When you're joyful that gas has dropped to about $4 per gallon, it's not hard to figure out why people are giving up on driving.
But how easy is it to get rid of owning your car for good?
One way to find out is by checking in with an ongoing promotional stunt by Zipcar. The world's largest car-sharing company, Zipcar has more than 300 participants in Portland and nine other cities going on a "low-car diet"—living without their car for a month.
WW has tracked two dieters since the challenge began on July 21—Doug and Janet Schmidt-Hamilton, two working professionals in Northeast Portland's Hollywood neighborhood. They have a 9-year-old daughter, Sarah, going into fourth grade, and a 4-year-old daughter, Beth, attending preschool.
Doug and Janet, both 43, decided to give up one vehicle—a 1989 Toyota 4x4 pickup—two years ago to reduce their environmental impact. Now they're working to get rid of their last car—a 1998 Honda CR-V. They consider the Zipcar challenge a way to jump-start that goal of lessening their environmental impact and providing an example for their kids.
"I've always believed that cars are the root of all evil," says Doug, an architect whose work is four miles from home.
Like all the low-car diet participants, the Hamiltons got 30 days' worth of TriMet passes and $100 in Zipcar credit.
The first week of the challenge the family traveled 60 miles on bike and 15 miles on foot, and used mass transit or carpools for other commutes.
Before the challenge began, Janet calculated the family was driving about 900 miles per month in their Honda, which gets about 26 miles per gallon. And even though they own the car outright, they were spending $400 per month to drive it.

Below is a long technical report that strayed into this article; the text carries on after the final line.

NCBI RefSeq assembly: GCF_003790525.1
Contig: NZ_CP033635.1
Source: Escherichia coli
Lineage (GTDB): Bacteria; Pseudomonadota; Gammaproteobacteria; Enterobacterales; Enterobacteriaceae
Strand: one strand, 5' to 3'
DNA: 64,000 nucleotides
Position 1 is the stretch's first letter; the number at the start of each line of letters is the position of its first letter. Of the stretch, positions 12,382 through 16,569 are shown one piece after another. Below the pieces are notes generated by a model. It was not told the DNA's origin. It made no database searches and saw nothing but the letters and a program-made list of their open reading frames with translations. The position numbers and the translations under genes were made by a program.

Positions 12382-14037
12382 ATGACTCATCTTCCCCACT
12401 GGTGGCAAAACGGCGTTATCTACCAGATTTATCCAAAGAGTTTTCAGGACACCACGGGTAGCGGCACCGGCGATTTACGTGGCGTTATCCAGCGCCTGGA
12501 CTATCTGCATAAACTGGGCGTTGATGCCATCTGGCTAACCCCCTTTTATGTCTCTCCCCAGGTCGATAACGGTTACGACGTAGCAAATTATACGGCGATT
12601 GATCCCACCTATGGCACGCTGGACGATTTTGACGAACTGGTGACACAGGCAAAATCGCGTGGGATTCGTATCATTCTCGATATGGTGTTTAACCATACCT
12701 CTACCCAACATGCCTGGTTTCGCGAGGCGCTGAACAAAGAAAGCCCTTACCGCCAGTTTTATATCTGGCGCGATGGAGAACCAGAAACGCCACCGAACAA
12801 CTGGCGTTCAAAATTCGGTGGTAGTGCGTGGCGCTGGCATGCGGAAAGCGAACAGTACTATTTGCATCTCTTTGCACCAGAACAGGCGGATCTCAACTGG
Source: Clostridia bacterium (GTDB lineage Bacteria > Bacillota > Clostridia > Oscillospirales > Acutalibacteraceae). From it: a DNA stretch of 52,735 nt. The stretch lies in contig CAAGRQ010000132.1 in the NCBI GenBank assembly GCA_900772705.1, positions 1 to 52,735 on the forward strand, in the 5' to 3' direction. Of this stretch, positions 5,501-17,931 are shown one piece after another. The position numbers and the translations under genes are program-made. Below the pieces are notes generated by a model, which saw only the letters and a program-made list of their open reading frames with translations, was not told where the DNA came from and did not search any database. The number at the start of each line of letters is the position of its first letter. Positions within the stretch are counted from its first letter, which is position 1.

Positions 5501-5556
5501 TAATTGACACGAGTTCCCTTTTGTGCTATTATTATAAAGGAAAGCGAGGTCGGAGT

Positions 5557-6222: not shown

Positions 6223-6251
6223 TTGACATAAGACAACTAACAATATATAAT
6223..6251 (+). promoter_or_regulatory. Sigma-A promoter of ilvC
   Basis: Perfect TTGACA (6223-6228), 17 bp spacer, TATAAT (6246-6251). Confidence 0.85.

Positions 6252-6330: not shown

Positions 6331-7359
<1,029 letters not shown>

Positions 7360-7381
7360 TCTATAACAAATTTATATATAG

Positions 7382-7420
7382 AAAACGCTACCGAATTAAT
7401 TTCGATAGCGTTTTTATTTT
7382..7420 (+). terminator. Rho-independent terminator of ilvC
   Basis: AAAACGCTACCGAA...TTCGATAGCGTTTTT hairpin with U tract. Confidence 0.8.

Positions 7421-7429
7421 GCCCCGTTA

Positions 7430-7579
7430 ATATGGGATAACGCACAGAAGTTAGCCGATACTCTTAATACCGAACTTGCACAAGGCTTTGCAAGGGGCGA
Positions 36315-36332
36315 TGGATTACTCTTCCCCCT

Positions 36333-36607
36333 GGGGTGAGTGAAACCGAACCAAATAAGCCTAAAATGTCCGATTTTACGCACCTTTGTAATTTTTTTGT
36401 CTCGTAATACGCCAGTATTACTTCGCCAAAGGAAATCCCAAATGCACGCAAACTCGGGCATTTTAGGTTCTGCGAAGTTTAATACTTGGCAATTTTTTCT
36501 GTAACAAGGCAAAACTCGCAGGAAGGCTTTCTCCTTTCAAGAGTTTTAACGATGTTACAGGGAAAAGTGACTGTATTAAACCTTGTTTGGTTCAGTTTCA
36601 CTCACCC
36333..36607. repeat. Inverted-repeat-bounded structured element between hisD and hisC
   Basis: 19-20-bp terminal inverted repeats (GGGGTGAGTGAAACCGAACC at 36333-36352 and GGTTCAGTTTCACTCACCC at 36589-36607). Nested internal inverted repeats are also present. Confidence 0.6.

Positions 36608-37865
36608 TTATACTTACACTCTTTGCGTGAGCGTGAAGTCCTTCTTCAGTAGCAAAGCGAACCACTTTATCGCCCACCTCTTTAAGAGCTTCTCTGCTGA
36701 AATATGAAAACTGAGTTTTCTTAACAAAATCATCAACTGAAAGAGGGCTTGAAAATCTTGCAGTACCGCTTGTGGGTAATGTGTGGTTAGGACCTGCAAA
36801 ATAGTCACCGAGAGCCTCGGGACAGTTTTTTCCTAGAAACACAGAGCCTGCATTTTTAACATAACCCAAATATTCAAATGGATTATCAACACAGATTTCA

"Are you sure about that?" Doug asked his wife.
"I'll show you the math," said Janet, the self-proclaimed coordinator of the family.
"That's ridiculous," Doug said.
As gas prices rise and carbon-footprint guilt becomes mainstream, this is likely a conversation taking place in more homes.
"Thinking about offshore drilling because we need to lessen our dependence on foreign oil and use our domestic oil—there's something so wrong with that," says Janet, an outreach coordinator for REI whose work is 4 1/2 miles away. "We need to lessen our dependence on oil in general."
Forty percent of new Zipcar members cite fuel cost as a reason for joining, according to Portland Zipcar spokesman Nick Sowards. He also points out that Zipcar is averaging 10,000 new members per month in its locations in 26 states and provinces as well as London, England. That's triple the number of new members joining at this time last year.
"I think we could do it," says Sarah of a carless future. "I don't see why we need a car."
The plan for the family post-vehicle is to use Zipcar once a month to make big shopping trips and then bike, walk and use mass transit everywhere else. Once the girls return next month to their schools, both within a mile of home, the couple plans on biking their commute.
There are times, though, when a car is the only answer. The Hamiltons already used their $100 Zipcar credit to rent a minivan for a camping trip at Milo McIver State Park—a 56-mile round trip. The Hamiltons have realized they'll have to tighten the radius of their activities.
Sarah is enrolled in a summer camp in Tryon Creek State Natural Area, a 20-mile round trip twice each day that the Hamiltons ride-share with friends.
"The most rewarding experience of the week has been the commute and bus time as quality time with the girls," Janet says.
"The conversations have been rambling, meaningful, silly and wonderful. We all come home in a much better mood and because I have been forced to slow down, I don't come home in a flurry with a list of things to do," Janet says. "Slowing down has been a gift to us."
Gas prices nationwide have climbed about 36 percent from $2.89 per gallon last year, according to AAA.